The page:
I received this email from Lisa in Virginia. I have posted it with her permission.
As a parent of a daughter who is dyslexic, I have been researching and trying to understand what my daughter is going through. I read an autobiography of Susan Hampshire, an actress from England. This is how she described her brain: “It actually felt as though my skull housed a whole ball of string, with an end sticking out of my crown. I thought that if I pulled at this, I could get the string out, empty my head of it, unravel the tangle in my brain. I longed for the day when there would be no more string in my head – it was so heavy. I wondered if everyone had a ball of string…” ( Hampshire, Susan; Susan’s Story; 1982; p. 26-27)
My daughter has told me, with tears in her eyes, “Mom, it is big!” In other words, it is bigger than her; bigger than she can understand. That broke my heart, but I continue to encourage her. In Sally Shaywitz’s book, Overcoming Dyslexia, she writes, “I cannot emphasize enough the importance of focusing on the strengths as well as the weaknesses. The goal is to make sure that the strengths and not the weaknesses define the child’s life.” (p. 93) We are giving her another place to succeed through the Online Reading Tutor program.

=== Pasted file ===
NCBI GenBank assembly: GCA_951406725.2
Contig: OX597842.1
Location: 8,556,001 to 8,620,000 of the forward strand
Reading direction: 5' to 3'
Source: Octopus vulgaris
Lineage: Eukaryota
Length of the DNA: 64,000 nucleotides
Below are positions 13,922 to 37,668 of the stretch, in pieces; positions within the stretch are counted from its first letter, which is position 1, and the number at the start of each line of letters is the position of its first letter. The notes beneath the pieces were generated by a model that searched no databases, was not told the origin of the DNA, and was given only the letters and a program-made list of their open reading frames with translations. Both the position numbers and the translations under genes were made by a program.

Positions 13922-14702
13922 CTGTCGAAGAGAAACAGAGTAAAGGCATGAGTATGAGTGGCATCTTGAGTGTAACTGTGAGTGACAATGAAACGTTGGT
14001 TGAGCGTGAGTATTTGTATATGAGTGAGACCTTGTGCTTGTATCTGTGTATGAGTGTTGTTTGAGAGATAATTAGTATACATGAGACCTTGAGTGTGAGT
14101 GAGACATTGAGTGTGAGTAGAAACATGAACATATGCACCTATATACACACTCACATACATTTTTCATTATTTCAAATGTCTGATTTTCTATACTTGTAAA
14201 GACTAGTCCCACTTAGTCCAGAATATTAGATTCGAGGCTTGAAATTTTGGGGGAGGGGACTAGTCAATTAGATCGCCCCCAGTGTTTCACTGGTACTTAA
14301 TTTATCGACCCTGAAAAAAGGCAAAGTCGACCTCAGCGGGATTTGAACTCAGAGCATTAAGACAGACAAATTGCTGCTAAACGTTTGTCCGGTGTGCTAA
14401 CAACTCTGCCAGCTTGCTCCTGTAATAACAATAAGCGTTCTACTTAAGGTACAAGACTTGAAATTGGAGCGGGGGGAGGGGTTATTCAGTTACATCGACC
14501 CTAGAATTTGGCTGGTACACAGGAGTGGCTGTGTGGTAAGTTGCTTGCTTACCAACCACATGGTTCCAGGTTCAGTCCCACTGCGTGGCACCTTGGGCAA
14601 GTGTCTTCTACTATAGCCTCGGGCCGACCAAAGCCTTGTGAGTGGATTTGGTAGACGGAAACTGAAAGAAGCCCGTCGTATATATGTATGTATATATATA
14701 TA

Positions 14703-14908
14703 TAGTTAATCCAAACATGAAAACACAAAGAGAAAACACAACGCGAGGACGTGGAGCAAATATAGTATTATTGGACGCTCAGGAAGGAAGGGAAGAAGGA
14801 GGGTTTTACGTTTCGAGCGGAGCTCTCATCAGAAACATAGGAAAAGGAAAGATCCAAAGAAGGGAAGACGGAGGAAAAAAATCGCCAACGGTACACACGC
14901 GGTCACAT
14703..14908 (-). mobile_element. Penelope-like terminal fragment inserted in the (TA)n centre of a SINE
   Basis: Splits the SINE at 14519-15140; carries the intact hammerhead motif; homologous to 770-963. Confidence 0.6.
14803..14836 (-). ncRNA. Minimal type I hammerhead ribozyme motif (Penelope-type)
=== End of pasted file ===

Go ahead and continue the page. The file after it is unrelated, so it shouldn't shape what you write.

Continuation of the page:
She is still going through the program. It has been a challenge for her, however, she tells me that she wants to finish. I may not ever understand her struggles with reading, but I am her biggest advocate. She shines on the soccer field and I am looking forward to the day when she shines in the reading field.